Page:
The invitation from the British monarch is a symbol of esteem in which Malala is held by the rest of the world for daring to stand up to the Taliban.
The 15-year-old was on her way to school last year in Pakistan’s Swat Valley, when a masked gunman boarded the bus, asked for her by name and shot in her left eye.
Her crime was that she had challengeed the Taliban on popular Pakistani television programmes and also participated in an American documentary film demanding the right to an education.
In her newly published autobiography, serialised in London's Sunday Times, Malala describes how she felt when she woke up in a hospital in England. “My head was aching so much that even the injections they gave me couldn’t stop the pain. My left ear kept bleeding and I could feel that the left side of my face wasn’t working properly.”
She adds, “People have prayed to God to spare me and I was spared for a reason-to use my life for helping people.” Following her shooting, Malala’s life was saved after emergency surgery at a Pakistani military hospital. She also received several subsequent months of specialist care in a British hospital in Birmingham to which she was air lifted from Pakistan.
Despite severe injuries she suffered, including damaged hearing and a completely severed facial nerve, British doctors have been optimistic about Malala's recovery and her chances of leading as near to normal a life in the future.
Earlier this year, the medical director of the Queen Elizabeth Hospital in Birmingham, Dr David Rosser, commented, “Malala is a strong young woman and has worked hard with the people caring for her to make excellent progress in her recovery.”
Last July she addressed the United Nations in New York, declaring, 'one child, one teacher, one pen and one book can change the world. Education is the only solution." Her UN speech and the world wide attention it attracted forced a senior Pakistan Taliban commander, Adnan Rasheed, to justify the attack on her. "Taliban believe that you were intentionally writing against them and running a smear campaign to malign their efforts to establish an Islamic system in Swat and your writings were provocative", Rashee wrote in his internationally distributed letter addressed to Malala.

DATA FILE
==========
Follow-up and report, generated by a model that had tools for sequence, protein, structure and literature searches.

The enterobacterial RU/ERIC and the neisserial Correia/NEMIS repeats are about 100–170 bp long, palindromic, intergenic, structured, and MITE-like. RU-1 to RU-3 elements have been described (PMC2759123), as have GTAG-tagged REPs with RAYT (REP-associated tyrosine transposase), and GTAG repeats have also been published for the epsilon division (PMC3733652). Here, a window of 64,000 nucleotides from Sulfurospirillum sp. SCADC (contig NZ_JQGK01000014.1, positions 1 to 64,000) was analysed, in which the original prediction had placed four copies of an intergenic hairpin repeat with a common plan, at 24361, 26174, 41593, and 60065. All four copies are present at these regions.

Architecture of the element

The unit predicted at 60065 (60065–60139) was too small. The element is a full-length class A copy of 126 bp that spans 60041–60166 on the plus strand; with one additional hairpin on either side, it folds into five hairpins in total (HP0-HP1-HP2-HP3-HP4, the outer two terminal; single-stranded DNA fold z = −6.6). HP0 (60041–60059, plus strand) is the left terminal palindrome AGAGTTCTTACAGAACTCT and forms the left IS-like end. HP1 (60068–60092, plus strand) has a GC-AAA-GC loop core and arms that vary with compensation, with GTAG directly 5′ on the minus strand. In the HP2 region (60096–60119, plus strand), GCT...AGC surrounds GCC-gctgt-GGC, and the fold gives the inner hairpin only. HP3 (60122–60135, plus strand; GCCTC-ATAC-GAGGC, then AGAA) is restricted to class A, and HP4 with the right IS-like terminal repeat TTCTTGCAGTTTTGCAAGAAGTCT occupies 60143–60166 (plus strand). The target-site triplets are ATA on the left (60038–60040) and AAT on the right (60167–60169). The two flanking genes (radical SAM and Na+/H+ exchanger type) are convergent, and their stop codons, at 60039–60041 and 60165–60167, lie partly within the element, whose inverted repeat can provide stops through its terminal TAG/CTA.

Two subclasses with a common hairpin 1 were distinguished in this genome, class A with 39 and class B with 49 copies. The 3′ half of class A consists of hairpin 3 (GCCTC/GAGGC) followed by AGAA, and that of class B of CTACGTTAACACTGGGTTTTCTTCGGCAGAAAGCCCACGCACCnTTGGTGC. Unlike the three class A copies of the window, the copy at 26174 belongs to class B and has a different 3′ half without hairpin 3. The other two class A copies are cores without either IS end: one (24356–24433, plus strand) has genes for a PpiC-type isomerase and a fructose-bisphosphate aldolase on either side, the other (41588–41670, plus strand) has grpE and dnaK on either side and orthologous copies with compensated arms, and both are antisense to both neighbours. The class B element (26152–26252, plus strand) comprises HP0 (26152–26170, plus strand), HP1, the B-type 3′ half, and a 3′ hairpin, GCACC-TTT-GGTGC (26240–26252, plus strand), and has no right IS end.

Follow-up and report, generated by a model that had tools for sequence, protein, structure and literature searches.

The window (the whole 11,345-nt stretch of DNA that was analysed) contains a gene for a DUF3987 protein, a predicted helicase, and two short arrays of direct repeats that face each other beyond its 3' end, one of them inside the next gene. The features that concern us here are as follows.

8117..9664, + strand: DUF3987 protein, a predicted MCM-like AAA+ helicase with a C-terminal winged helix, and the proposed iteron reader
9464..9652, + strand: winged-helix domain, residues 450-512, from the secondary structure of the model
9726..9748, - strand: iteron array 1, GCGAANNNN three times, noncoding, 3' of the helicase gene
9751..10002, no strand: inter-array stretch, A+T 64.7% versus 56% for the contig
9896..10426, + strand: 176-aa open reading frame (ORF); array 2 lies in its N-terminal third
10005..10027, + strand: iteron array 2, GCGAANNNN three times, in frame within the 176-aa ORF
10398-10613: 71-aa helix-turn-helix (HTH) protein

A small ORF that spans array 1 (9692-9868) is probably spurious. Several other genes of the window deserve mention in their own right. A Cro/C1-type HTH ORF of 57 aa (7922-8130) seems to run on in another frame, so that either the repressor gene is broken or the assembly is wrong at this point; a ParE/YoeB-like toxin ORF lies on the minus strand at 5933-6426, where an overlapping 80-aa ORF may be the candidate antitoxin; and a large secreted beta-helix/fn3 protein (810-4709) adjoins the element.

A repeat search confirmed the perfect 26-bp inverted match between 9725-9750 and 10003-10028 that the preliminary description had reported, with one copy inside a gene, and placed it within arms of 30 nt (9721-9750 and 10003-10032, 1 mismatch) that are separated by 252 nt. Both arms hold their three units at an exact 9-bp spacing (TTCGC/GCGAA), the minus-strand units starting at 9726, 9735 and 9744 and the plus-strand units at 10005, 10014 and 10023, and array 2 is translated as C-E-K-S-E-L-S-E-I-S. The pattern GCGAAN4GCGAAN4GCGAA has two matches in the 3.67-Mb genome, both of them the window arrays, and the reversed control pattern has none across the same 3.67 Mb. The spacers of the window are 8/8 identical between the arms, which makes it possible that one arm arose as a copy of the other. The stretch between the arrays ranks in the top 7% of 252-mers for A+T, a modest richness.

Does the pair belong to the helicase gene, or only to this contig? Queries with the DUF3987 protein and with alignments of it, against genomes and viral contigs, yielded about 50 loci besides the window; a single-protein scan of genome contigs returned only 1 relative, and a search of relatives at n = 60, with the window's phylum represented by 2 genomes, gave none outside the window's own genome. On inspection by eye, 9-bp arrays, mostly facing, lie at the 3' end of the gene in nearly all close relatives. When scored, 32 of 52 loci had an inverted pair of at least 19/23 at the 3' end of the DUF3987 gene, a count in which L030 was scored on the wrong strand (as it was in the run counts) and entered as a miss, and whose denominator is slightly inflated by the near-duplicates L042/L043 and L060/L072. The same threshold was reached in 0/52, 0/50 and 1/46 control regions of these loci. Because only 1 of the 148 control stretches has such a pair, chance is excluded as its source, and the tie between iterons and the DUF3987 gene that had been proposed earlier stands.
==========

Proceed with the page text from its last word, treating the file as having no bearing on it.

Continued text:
"You have said in your speech…. that pen is mightier than sword, so they attacked you for your sword, not for your books or school.'
Rasheed ends his letter by telling Malala, "I advise you to come back home, adopt the Islamic and Pashtun culture, join any female Islamic madrassa near your home town, study and learn the book of Allah, use your pen for Islam and plight of Muslim ummah and reveal the conspiracy of tiny elite who want to enslave the whole humanity for their evil agendas in the name of new world order."
Hot favourite for Peace
The winner of this year's Nobel Peace Prize will be revealed on Friday. As per the International Peace Research Institute, Malala is the hot favourite to win. “The award to Malala will put children and education on the peace agenda," a spokeswoman of
the institute said.
The winner of this year's Nobel Peace Prize will be revealed on Friday. As per the International Peace Research Institute, Malala is the hot favourite to win. “The award to Malala will put children and education on the peace agenda," a spokeswoman of the institute said.